The first thing you’ll see when you click the icon is the splash screen. The artwork for this and other loading screens has been created by the Lordz. It’s superb and wouldn’t look out of place in a commercial game. Then the music starts. It’s vaguely martial music and again has been created by the modders. Into the general interface screens and everything is clean and simple. More new artwork of the Napoleonic era. Overall, everything is of very high quality.
The basic look of the game is similar to the Total War series. Battles are fought on a 3D battlefield compete with flora, fauna, roads, rivers and buildings. All these have been re-worked by the Lordz to fit the Napoleonic period, and the battlefield scenery looks stunning. The most impressive things however, are the units. There are 20 different French Units from Voltigeurs to Cuirassiers and 17 Russian units from the Opolchenie to Cossacks. All are detailed to an amazing degree. Uniforms and weapons are detailed and (as far as I can tell) correct. The animation as infantry re-load muskets is accurate, lancers use their lances on the initial attack, then switch to sabres, officers brandish swords to signal the attack. The game abounds with neat touches. Certainly I have never seen a Napoleonic game where the units look so good and move in such a convincing way. Forget rows of identical mannequins moving with robot like precision. Even in formation these troops move and act as individuals. When standing still you’ll notice men shuffling their feet and easing their weapons. Lovely! And the sheer number of men in each formation… Wow! However, all this graphical loveliness does come at a price. While RTW runs smoothly on my system, the Borodino scenario in NTW2 had things moving very jerkily. It is a huge scenario and of course it’s possible to turn the graphic settings down, but when something looks this good, you won’t want to.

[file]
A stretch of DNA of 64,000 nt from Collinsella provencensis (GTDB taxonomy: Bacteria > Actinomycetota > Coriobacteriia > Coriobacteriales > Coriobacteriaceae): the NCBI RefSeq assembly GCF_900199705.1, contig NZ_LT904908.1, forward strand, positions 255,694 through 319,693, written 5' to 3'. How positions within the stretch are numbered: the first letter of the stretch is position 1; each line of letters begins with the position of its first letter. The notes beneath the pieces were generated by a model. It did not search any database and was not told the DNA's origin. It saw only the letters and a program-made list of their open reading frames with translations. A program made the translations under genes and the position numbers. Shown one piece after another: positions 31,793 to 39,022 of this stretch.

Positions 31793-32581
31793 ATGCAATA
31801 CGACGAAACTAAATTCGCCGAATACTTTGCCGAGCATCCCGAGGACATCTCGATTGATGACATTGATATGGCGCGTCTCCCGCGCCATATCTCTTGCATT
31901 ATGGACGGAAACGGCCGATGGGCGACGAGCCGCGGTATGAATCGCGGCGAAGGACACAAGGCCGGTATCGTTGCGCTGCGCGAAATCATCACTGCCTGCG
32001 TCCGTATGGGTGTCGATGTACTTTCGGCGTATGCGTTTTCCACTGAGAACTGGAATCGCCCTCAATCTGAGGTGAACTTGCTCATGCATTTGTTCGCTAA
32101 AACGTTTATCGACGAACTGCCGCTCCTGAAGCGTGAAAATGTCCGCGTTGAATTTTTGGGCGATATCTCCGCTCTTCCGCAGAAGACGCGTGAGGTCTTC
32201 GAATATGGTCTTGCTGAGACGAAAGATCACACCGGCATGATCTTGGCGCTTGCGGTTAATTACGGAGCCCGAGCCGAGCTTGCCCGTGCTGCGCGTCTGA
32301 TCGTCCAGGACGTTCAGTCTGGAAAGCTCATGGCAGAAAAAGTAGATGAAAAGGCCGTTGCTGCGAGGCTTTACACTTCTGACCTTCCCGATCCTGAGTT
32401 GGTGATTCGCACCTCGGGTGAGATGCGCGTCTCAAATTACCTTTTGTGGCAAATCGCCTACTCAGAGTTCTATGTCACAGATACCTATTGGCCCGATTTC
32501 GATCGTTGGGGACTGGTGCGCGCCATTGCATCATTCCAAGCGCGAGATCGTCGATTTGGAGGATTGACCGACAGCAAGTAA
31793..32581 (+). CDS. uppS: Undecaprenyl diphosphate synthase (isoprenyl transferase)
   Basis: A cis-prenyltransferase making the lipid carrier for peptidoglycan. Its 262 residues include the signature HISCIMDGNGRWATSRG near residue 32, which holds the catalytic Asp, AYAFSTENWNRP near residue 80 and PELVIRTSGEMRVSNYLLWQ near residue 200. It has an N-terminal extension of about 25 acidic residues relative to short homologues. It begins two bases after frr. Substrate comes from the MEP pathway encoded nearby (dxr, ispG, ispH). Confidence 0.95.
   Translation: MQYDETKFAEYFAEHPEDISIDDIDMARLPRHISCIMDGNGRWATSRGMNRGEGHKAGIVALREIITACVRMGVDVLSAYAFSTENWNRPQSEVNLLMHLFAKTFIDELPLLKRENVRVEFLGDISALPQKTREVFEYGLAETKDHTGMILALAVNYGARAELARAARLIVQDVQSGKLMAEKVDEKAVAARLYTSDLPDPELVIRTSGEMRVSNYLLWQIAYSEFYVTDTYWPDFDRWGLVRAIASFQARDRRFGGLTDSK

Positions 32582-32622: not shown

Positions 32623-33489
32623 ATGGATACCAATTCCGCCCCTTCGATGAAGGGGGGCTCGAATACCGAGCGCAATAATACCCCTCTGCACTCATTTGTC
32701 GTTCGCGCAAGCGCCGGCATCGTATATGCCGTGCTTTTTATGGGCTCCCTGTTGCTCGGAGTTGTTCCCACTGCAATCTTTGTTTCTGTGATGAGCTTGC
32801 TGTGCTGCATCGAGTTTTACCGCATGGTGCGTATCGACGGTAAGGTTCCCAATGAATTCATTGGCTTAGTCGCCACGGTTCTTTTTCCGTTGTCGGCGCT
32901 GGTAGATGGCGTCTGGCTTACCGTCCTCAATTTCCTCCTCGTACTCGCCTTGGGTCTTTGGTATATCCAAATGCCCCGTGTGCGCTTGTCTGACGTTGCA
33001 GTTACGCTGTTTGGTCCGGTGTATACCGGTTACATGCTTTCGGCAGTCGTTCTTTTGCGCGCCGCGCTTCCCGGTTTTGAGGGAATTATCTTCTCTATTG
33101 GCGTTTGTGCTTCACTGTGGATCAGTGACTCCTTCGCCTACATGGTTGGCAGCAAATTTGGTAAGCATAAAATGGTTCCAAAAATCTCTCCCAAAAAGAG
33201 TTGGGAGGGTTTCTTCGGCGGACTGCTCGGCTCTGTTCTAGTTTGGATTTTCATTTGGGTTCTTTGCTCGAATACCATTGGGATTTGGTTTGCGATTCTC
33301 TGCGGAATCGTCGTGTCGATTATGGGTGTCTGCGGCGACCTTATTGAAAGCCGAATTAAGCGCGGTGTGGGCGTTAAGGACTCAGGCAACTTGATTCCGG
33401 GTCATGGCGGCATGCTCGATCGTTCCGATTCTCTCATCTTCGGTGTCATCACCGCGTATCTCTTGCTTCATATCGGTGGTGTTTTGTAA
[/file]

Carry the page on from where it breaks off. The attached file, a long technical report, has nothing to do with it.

So, does the game play as well as it looks? The answer to this rather depends on whether you play on or off-line. The first disappointment is that NTW2 does not have a campaign. The campaign game is at the heart of the single player experience in RTW, so why don’t we have one here? The problem apparently lies with the basic RTW AI. The Creative Assembly wrote the code behind RTW to simulate the battles of ancient Rome. Although the Lordz have modded this extensively, the AI within NTW2 just doesn’t cope well with the manoeuvring and tactics of Napoleonic warfare. AI-controlled units don’t use appropriate formations and will break and run almost as soon as they are attacked.
This is why the only opportunity for the single player to sample the NTW2 experience is by playing the Borodino scenario shipped with the mod. This replicates the epic battle in 1812, one of the largest single battles of the Napoleonic wars involving more than a quarter of a million men. The battlefield is nicely presented with features such as the Rayevski Redoubt and the Bagration fleches. Several formations are available to your troops including line, double line, column, and square. Morale and fatigue are well modelled with morale being affected by factors such as casualties, proximity of friendly troops, and proximity of senior officers. If morale sinks low enough troops will rout and flee. In addition to other tasks, troops can be ordered to stand and deliver volley fire or to engage in close combat. Artillery is available as 6 or 12 pounder form or howitzers and can fire roundshot or cannister.